The problem with all of these alleged "injuries" is that they are all based on the lack of matching funds. However, the Green Party (or any other party for that matter) is never entitled to matching funds-rather, it is undisputed that campaign funds are distributed to a candidate individually. Accordingly, the Green Party did not suffer any direct injury as a result of any of the statutes or actions in dispute in the present case because it was not deprived of anything. Therefore, it would seem that the Green Party does not have standing to make any of these challenges.

We need not decide that issue, however, because there is another ground upon which the Green Party does have standing. The Green Party alleges that the free speech and associational rights of Green Party voters are being infringed by unconstitutional deadlines and policies. Although not phrased as such, these allegations can be read as an attempt to argue for associational standing on behalf of the Green Party members.

The modern doctrine of associational standing has developed from the Supreme Court's decision in Warth v. Seldin, 422 U.S. 490, 95 S.Ct. 2197, 45 L.Ed.2d 343 (1975). In Warth, the Court held that an association can bring a suit on behalf of its members if the "members, or any one of them, are suffering immediate or threatened injury as a result of the challenged action of the sort that would make out a justicible case had the members themselves brought suit." Id. at 511, 95 S.Ct. at 2211-12. But, the Court cautioned that "the nature of the claim and the relief sought" cannot require that the members of the association be named and participate as individual parties in the lawsuit. Id.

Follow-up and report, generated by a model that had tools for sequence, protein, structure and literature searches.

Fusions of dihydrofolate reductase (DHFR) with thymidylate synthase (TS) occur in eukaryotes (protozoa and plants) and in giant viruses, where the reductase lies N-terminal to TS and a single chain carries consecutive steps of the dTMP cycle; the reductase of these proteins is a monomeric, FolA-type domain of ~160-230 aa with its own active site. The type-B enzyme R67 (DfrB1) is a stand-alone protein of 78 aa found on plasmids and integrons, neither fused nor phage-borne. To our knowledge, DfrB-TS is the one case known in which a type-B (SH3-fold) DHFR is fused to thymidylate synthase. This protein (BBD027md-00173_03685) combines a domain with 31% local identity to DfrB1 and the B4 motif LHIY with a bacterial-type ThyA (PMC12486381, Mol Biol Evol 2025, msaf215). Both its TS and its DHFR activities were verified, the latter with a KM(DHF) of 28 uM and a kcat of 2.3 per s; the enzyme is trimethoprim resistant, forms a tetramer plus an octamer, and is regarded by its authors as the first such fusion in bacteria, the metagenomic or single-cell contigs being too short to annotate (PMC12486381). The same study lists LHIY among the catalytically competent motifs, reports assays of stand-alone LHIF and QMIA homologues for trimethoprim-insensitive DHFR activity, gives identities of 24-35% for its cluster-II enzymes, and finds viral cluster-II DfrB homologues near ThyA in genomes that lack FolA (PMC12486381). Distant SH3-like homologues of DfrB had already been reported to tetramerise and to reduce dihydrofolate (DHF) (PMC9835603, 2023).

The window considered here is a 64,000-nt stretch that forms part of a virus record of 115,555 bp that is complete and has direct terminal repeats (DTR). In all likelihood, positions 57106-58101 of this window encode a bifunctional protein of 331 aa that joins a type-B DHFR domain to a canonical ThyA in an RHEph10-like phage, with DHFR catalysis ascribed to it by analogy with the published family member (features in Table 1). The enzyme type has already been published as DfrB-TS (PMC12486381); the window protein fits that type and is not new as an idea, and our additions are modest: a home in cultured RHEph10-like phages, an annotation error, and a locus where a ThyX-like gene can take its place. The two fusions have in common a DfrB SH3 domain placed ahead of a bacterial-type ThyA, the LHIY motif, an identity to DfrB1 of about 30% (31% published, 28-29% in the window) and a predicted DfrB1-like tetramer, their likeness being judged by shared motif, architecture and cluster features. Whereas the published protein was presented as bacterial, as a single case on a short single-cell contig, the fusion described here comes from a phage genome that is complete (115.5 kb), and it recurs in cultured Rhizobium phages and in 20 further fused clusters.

The Court further elaborated on these principles in Hunt v. Washington State Apple Advertising Comm'n, 432 U.S. 333, 97 S.Ct. 2434, 53 L.Ed.2d 383 (1977). The Court formulated the analysis for associational standing into a three part test, requiring, with respect to the association, that:

(a) its members would otherwise have standing to sue in their own right; (b) the interests it seeks to protect are germane to the organization's purpose; and (c) neither the claim asserted nor the relief requested requires the participation of individual members in the lawsuit.